Reducing the size and weight of these vital components is priority number one for scientists all over the world, and Volvo is among them with its latest technological development.
Using nanomaterials, an EU-funded research project involving ten companies (Volvo the only automaker in the group) has developed a new concept of lightweight structural energy storage components. Put simply, the technology involves using a car's exterior body panels as energy storage systems.
This isn't a new concept: the Drayson Racing Lola race car uses some structural batteries in its construction. Importantly though, Volvo's development is a feasible solution to the heavy, large and expensive batteries currently used in electric vehicles.
A thin, strong nanomaterial made of carbon fibers and polymer resin is formed much like regular carbon fiber weave. As such, it can be formed in pretty much any shape, including those used in the bodywork of a structure of a car. It also acts like a supercapacitor, charging and discharging as the car is driven.
On Volvo's S80 prototype, the trunk lid and a plenum cover are both made of the material. The former, says Volvo, is "a functioning electrically powered storage component" with the potential to replace the batteries seen in today's cars. For the time being this just refers to the car's 12-volt battery--though it's still lighter and stronger than the car's regular steel trunk lid and powerful enough to operate the car's start-stop system.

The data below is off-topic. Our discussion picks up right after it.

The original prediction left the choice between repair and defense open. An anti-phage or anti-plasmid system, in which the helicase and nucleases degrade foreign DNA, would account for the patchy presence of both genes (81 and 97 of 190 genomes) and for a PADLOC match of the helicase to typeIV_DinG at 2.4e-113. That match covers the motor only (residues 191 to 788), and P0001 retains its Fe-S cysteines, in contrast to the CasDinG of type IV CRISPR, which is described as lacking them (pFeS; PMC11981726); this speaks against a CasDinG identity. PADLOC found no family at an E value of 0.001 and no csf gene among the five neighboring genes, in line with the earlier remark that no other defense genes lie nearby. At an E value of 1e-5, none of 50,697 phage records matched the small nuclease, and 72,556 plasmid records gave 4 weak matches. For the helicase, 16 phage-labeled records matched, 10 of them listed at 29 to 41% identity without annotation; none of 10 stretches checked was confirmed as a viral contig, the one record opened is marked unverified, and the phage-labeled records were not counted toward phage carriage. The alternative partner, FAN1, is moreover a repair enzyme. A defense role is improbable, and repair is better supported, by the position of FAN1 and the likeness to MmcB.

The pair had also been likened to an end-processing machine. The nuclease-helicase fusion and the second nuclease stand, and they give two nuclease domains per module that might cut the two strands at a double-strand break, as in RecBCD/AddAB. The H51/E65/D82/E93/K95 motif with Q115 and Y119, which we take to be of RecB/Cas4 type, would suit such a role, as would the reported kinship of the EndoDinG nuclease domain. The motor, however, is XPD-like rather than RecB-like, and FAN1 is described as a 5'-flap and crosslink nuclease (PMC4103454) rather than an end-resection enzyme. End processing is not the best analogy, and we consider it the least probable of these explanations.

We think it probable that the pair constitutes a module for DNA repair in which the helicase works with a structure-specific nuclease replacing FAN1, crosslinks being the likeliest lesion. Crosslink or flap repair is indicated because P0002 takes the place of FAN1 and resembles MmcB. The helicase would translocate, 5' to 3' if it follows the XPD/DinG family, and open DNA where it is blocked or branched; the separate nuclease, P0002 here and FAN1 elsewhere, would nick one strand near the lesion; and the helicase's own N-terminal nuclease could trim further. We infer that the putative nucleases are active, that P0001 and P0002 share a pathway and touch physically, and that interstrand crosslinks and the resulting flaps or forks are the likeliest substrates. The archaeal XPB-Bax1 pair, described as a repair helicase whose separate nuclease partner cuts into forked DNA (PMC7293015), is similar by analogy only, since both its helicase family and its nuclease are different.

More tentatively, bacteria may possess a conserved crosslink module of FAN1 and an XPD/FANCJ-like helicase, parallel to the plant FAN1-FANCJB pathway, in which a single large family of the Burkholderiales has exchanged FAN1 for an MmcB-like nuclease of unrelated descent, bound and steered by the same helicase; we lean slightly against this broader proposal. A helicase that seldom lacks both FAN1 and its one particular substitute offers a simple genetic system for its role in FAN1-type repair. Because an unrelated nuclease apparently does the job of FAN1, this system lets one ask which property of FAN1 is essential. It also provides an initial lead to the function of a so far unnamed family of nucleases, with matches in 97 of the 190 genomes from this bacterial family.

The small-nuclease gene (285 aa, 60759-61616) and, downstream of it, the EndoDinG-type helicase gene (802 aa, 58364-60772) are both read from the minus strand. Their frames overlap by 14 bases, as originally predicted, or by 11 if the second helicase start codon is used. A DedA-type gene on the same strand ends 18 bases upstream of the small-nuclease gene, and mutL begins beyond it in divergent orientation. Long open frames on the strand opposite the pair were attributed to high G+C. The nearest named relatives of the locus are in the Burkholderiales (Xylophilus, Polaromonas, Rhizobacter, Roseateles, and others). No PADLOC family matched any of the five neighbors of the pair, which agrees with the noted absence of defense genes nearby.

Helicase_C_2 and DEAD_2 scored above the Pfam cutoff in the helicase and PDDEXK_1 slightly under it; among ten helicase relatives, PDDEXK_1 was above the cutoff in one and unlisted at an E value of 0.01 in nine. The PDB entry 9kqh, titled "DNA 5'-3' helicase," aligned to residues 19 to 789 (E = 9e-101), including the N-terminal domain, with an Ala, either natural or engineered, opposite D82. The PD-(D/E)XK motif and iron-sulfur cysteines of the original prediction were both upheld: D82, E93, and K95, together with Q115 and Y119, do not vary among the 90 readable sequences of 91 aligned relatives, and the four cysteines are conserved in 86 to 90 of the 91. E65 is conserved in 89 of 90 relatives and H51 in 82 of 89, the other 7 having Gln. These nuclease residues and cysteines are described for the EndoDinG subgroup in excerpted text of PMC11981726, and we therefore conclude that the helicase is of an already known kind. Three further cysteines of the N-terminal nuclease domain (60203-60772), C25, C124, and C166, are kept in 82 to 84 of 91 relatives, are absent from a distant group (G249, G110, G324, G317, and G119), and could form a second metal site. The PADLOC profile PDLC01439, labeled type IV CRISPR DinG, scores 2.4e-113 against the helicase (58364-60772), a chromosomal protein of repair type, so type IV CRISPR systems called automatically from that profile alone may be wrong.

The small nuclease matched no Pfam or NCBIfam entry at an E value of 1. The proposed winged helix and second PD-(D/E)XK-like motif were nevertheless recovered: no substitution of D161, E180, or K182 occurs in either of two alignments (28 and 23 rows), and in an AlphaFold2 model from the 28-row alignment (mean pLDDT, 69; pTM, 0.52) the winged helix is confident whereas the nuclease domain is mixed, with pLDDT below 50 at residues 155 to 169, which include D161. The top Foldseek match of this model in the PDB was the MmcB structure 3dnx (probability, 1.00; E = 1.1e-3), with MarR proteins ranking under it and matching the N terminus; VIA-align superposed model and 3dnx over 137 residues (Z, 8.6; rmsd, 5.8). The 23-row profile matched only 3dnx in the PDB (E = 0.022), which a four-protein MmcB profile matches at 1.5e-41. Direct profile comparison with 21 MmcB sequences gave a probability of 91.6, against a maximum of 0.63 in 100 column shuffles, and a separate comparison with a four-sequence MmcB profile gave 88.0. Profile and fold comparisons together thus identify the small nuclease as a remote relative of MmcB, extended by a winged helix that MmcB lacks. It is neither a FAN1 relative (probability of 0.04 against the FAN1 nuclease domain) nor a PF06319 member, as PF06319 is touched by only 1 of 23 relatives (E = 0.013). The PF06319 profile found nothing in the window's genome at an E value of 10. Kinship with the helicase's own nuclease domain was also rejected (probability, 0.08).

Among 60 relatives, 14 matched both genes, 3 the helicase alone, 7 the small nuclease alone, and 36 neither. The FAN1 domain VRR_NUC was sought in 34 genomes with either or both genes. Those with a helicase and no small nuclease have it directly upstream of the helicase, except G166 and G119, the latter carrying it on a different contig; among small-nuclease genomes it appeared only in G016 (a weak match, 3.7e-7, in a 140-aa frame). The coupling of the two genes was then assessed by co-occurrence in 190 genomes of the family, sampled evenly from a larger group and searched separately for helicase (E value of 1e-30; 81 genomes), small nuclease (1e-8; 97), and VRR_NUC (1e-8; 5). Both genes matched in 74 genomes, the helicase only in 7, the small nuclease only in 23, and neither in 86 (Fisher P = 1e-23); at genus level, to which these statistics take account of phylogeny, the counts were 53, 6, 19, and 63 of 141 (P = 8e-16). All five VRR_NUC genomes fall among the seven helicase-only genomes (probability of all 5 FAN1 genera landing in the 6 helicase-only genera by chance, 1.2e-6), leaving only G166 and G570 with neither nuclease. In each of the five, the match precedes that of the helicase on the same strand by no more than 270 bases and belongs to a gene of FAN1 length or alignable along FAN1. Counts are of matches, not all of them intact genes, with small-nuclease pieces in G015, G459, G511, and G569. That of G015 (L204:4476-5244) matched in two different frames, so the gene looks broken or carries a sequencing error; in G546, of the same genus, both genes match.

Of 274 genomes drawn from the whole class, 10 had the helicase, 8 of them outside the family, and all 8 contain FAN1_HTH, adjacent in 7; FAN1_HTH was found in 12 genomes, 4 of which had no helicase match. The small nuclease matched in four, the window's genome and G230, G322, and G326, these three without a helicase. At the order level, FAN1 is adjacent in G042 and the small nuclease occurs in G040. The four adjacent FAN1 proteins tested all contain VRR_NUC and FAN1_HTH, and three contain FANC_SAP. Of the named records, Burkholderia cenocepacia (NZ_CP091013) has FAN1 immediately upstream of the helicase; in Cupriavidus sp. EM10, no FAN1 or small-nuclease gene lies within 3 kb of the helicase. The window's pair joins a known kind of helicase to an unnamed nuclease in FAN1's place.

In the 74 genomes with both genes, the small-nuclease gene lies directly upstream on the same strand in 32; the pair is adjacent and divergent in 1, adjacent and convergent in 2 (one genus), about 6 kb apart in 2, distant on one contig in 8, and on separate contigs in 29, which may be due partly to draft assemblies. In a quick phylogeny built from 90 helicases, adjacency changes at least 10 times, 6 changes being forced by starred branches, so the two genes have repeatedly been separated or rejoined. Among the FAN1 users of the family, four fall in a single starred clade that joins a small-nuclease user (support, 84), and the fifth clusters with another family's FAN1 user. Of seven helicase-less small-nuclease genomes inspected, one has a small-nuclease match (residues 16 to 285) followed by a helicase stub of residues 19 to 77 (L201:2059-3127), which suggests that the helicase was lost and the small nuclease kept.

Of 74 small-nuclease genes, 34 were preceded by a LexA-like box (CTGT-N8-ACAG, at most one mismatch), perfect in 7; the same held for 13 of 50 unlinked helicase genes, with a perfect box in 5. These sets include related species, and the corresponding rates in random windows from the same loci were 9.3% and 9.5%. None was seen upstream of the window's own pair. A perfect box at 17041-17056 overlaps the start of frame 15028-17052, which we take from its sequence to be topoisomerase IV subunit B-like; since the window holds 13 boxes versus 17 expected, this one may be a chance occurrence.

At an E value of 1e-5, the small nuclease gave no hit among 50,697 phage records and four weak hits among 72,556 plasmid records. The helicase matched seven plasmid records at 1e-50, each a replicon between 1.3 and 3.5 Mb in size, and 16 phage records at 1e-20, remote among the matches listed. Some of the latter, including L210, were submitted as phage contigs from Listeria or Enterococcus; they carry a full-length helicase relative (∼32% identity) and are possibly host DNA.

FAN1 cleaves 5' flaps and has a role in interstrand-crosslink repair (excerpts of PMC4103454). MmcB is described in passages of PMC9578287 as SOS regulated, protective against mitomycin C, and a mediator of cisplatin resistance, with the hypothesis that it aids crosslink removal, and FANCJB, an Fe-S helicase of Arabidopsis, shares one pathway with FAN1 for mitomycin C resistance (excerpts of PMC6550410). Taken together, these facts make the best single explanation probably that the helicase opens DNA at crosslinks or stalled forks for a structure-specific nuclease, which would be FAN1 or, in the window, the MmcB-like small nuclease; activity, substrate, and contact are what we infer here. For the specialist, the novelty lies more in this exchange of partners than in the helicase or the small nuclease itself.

Volvo believes that if used to its maximum potential, it could not only replace an electric car's existing battery components but weigh 15 percent less too. Oh, and like all carbon fiber, it looks pretty cool too...
We've seen enough of these technologies come and go to maintain a healthy skepticism of their production viability and likelihood of any short-term appearance, but Volvo has a fairly solid history of bringing new--and useful--technologies to market. We'll wait and see...